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A talky cannibal comedy gives character actors a star vehicle

Every day, Watch This offers staff recommendations inspired by a new movie coming out that week. This month: The A.V. Club atones for its sins of omission, recommending the best movies of the year that we didn’t review.

Gravy (2015)

Many is the film review that expresses a wish to set aside the blandly likable lead character of some studio romantic comedy in favor of the supporting players, be it the “edgy best friend” role, the sharp-tongued comic relief, or other smaller parts where the characters haven’t had any and all rough edges sanded off. These are the roles for character actors, and there are any number of excellent performers among this crowd who have made a living consistently standing out in films that sideline their live-wire electricity. (We recently did an entire inventory of some of today’s best.) Gravy feels like a feature-length retort to the idea that eccentric personalities should live in the margins of movies, rather than seizing the frame and forcing it to attention.


Directed and co-written by Psych star James Roday, the film details the events at a Mexican cantina one Halloween night, as closing time abruptly turns into a hostage situation when three costumed antagonists seal off the exits and tie up the staff. Their intention, they proudly announce, is to kill and eat each employee, one by one—an All Hallow’s Eve tradition they’ve been practicing for years. Soon, they’ve pressed the proud chef into service as the preparer of these grisly dishes, and embarked on a series of zero-sum games to determine the order of their still-breathing courses. As the various prisoners try to use their wits to survive long enough to escape the evening without being consumed, the night begins to veer off script, both for the cannibalistic criminals and those they’ve sworn are destined to be food.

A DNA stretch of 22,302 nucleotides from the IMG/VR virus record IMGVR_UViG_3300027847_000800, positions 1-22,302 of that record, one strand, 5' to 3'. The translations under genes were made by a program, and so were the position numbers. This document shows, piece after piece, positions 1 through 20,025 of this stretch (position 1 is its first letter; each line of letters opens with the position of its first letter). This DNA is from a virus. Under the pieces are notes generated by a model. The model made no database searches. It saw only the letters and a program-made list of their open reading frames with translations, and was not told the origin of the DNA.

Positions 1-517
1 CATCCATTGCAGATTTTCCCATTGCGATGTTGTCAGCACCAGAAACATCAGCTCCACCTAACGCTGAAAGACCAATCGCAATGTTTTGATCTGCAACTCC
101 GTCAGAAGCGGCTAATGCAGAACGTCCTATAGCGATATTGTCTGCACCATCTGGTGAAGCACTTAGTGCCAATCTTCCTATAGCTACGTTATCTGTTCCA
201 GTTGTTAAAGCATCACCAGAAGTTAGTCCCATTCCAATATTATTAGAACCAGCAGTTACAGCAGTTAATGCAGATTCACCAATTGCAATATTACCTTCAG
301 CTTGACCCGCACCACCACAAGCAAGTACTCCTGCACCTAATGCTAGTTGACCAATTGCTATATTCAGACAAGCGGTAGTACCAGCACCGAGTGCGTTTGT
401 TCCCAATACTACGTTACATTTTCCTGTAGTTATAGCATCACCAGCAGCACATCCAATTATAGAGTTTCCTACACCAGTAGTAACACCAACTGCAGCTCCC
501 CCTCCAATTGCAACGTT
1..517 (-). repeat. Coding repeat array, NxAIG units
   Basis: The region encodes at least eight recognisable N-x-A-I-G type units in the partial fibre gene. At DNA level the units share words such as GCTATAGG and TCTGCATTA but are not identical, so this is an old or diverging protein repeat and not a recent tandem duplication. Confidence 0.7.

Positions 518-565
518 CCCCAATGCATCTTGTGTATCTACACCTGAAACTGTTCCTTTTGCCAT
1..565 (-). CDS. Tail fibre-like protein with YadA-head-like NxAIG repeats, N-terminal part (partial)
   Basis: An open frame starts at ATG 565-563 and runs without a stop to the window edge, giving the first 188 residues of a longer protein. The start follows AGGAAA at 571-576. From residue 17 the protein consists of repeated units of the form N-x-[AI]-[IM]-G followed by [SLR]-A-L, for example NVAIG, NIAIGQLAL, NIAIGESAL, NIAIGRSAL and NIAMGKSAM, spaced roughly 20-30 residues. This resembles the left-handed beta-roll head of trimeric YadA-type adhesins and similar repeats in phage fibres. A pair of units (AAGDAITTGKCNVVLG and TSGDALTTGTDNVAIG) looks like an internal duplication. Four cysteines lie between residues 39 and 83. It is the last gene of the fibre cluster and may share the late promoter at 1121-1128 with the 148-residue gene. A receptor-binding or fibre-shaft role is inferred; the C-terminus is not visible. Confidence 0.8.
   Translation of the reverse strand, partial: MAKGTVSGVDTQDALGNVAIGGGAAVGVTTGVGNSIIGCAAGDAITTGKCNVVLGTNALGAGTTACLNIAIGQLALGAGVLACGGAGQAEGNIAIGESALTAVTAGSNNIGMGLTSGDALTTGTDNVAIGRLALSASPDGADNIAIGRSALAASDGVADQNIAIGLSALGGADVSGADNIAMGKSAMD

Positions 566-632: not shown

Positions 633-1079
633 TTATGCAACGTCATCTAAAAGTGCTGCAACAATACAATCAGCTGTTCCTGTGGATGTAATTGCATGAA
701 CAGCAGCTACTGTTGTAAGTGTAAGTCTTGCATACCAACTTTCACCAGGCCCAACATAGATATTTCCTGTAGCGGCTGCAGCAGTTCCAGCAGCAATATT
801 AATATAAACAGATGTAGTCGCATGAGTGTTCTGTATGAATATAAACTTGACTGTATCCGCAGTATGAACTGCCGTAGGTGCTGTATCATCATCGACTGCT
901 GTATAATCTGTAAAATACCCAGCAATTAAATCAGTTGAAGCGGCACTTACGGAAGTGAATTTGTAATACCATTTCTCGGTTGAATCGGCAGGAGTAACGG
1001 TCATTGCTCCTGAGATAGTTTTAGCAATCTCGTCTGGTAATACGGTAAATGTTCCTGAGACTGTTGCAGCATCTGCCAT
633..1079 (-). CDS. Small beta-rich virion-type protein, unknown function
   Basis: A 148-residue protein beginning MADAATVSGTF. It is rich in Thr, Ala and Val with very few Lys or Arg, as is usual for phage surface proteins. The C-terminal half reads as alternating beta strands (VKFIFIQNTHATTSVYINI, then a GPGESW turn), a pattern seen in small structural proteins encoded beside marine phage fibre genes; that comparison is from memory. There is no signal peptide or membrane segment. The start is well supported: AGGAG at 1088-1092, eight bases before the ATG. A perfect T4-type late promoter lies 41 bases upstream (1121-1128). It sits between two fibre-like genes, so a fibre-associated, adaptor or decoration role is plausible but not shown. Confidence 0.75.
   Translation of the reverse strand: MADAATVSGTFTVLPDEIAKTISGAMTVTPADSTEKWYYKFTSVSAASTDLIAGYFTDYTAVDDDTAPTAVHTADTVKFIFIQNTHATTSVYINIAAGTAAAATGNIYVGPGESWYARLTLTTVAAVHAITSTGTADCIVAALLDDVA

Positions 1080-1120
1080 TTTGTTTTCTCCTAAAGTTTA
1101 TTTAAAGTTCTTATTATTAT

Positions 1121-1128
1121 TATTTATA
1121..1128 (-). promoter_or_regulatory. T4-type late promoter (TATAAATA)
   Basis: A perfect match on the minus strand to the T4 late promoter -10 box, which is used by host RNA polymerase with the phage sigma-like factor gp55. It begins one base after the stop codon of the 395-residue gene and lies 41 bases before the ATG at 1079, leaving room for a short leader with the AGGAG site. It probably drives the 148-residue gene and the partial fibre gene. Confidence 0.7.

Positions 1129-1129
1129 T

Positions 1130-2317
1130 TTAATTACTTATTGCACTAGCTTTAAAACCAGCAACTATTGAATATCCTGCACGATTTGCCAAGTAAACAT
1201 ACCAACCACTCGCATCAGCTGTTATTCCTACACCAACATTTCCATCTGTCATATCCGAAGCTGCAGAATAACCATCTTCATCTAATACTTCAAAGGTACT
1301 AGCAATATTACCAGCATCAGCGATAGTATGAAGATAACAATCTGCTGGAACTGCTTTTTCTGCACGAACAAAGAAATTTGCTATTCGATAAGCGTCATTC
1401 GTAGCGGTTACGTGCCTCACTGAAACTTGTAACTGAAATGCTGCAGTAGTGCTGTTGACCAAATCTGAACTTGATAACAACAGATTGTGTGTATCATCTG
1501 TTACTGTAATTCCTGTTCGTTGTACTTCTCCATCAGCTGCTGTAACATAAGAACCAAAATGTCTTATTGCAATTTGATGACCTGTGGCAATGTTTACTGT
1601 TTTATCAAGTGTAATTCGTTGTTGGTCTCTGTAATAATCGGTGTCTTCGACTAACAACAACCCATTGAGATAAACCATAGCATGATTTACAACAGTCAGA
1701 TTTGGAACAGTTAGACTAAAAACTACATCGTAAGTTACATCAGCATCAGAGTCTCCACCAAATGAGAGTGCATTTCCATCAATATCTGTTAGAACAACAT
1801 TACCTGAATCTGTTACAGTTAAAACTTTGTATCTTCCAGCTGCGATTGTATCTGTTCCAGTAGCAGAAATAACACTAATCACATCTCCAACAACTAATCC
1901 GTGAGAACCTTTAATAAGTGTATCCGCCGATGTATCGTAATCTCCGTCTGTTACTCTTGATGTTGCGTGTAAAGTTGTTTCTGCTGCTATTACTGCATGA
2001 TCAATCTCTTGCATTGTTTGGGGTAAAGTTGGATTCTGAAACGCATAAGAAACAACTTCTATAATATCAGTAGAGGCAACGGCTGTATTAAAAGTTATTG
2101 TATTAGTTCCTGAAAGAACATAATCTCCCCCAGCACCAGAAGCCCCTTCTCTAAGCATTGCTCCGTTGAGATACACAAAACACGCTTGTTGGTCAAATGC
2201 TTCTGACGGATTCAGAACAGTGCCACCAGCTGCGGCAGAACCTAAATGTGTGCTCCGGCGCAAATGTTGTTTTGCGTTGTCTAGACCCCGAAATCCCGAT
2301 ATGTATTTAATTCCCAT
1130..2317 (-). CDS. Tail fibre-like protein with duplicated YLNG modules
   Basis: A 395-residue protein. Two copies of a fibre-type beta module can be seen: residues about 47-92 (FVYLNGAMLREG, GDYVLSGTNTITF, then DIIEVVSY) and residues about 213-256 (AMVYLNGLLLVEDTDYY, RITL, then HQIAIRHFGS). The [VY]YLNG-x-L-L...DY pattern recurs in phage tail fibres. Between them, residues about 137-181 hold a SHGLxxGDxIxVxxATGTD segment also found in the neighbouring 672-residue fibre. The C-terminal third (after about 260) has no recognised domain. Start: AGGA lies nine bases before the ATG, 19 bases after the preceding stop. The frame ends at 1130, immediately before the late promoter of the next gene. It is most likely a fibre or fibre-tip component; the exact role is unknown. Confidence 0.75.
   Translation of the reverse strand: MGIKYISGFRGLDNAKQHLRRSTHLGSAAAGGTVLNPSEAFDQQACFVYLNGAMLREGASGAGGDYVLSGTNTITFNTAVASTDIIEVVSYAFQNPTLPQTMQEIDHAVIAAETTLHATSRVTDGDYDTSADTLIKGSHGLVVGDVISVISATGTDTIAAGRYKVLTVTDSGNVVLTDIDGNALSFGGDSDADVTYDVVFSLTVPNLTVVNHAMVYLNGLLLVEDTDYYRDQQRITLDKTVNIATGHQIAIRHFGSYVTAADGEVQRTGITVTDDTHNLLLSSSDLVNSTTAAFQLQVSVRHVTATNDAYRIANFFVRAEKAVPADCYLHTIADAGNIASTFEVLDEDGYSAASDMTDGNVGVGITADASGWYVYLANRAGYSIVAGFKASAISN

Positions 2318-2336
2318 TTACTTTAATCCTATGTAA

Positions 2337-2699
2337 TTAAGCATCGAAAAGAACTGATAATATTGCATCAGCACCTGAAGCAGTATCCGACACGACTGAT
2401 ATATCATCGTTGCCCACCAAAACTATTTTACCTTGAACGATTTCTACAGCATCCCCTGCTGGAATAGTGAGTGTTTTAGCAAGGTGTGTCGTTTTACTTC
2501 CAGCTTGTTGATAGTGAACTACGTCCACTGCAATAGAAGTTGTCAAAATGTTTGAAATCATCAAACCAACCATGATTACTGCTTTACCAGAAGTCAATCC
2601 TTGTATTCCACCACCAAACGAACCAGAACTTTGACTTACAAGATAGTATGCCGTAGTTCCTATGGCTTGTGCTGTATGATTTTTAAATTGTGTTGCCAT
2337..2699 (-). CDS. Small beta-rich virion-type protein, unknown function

The main course for the audience, however, is the treat of seeing a bunch of oft-underused character actors sink their teeth into a funny script. The roster is packed deep with talent, some of whom have had starring roles before (Bunheads’ Sutton Foster plays the “last night on the job” bartender, Gabourey Sidibe is a pissed-off security guard), but mostly stacked with superlative scene-stealers, chief among them Jimmi Simpson and Michael Weston, both of whom wield understated, quick-witted snark like it was a Ginsu knife. Their criminal bromance is abetted by British oddball Lily Cole, playing the most unhinged of the trio. The heightened reality of the scenario and the characters populating it make the movie feel like nothing so much as a 21st century version of old-school screwball farce—darker and savvier, but no less attuned to the absurdist comic sensibility of that genre’s best offerings.

There’s plenty to critique here, as far as the technical aspects of the film. Roday’s direction is more competent than inspired, with the lighting and staging sometimes suggesting a basic-cable sitcom. Also, his script can be overly talky, a common enough problem with first time writer-directors who just can’t bear to part with their favorite zingers, pacing be damned. But these problems are almost incidental to the fun of the film, which starts off in the red and never decelerates, tossing out witty monologues and black-humor set pieces with refreshing abandon. When a bunny-costume-clad Sarah Silverman is the most grounded part of your movie, you know you’re in no danger of being too predictable.

Availability: Gravy is out now on Blu-ray and DVD from Scream Factory, and can be rented or purchased from most major download and streaming sites.

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